Amisha Yadav @CCMS Bureau
The first high-level ministerial roundtable on pre-2030 ambition took place at the UN Climate Change Conference COP27, with a collective call to urgently ramp up climate action and support.
The roundtable, a new annual event to set the global direction on mitigation ambition and implementation that should be taken before 2030, opened with a stark report from UN Climate Change. According to the report, the world is way off track to stay below the Paris Agreement’s temperature goals.
The report showed implementation of current pledges by national governments would increase emissions by 10.6% by 2030 and put the world on track for a 2.5°C warmer world by the end of the century.
“This is the context we are in,” said UN Climate Change Executive Secretary Simon Stiell. “The world is bending the curve of greenhouse gas emissions downward, but these efforts remain woefully insufficient to limit global temperature rise to 1.5°C.”
According to the UN’s Intergovernmental Panel on Climate Change (IPCC), greenhouse gas emissions must peak before 2025 at the latest and decline 43% by 2030 to limit global warming to 1.5°C.
“That’s peaking in two years, folks,” said Stiell. “If that is to happen, we have to send a clear signal from COP27 to policy makers, markets, and individuals that this is happening.” Stiell called for an ambitious mitigation work programme launched at COP27 that would reduce emissions faster, catalyze impactful action, and secure assurances from key countries that they will take immediate action to raise ambition and keep us on the path towards 1.5°C.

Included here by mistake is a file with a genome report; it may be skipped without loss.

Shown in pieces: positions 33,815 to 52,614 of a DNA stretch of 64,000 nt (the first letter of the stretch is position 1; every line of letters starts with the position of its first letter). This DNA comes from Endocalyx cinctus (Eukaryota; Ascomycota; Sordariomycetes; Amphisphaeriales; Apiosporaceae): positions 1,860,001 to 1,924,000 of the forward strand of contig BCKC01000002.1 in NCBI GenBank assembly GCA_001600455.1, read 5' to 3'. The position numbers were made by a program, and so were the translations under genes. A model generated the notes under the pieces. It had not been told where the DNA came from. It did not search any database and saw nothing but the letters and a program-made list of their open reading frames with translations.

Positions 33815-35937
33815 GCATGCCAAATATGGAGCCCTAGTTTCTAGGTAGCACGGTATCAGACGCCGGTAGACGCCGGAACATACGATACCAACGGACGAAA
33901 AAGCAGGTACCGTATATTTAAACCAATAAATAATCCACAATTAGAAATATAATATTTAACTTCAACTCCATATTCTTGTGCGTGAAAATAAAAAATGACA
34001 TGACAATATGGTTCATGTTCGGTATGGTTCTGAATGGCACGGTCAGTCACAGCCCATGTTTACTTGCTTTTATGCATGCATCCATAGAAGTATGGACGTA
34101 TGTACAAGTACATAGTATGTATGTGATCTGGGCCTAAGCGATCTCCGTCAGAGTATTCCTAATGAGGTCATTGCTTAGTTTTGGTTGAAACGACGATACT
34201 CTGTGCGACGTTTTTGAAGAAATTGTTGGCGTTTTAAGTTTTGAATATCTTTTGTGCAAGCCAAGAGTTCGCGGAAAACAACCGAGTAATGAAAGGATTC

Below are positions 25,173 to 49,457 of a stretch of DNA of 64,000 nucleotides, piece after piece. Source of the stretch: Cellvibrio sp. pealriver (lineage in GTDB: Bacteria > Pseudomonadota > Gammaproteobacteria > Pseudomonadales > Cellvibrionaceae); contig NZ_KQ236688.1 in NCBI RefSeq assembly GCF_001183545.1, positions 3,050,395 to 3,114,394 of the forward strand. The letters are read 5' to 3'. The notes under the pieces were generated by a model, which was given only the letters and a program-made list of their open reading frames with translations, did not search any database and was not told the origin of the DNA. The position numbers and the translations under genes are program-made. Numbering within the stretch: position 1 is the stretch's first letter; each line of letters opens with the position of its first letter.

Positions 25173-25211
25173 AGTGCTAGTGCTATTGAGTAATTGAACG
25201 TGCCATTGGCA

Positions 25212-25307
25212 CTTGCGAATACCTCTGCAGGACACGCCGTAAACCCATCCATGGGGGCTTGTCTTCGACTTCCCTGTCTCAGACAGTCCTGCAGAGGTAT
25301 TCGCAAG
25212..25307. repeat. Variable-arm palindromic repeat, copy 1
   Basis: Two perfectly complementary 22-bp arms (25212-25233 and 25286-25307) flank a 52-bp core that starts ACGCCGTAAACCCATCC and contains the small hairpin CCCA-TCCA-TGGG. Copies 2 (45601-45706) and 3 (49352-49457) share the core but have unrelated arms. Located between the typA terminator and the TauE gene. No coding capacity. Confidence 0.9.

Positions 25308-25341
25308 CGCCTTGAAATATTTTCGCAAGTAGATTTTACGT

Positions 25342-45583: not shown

“The conference decision on the mitigation work programme – the decision that all Parties support – must reflect the level of urgency, the gravity of the threats we are facing, and the shortness of the time we have re maining to avoid the devastating con- sequences of runaway climate change,” said Stiell.
Jim Skea, the IPCC’s Working Group III Co-Chair, injected a sense of hope into the roundtable discussions by showing there are solutions in all sectors that can be deployed immediately to close the gap by 2030.
According to the IPCC, these mitigation solutions have the potential to halve emissions from 2019 levels by 2030 and cost less than $100 per tonne of carbon dioxide equivalent.
Pointing to the vast potential in the energy sector, for example, Skea said the costs of wind and solar have dropped dramatically in recent years. He also highlighted the huge potential of emission reductions in agriculture, land use and forestry, including better soil management and ecosystem restoration.
“We know how to do this,” said Skea. “It’s as if we’ve laid out all our tools on the tool bench but have yet to pick them up.”
Government ministers attending the roundtable delivered a collective call to urgently ramp up ambition across the board, with many developing countries stressing the need for support and sustained financial flows. Most ministers agreed the 1.5°C temperature limit is a “red line” that cannot be crossed. An informal note that reflects the views expressed during the roundtable will be released in the coming weeks.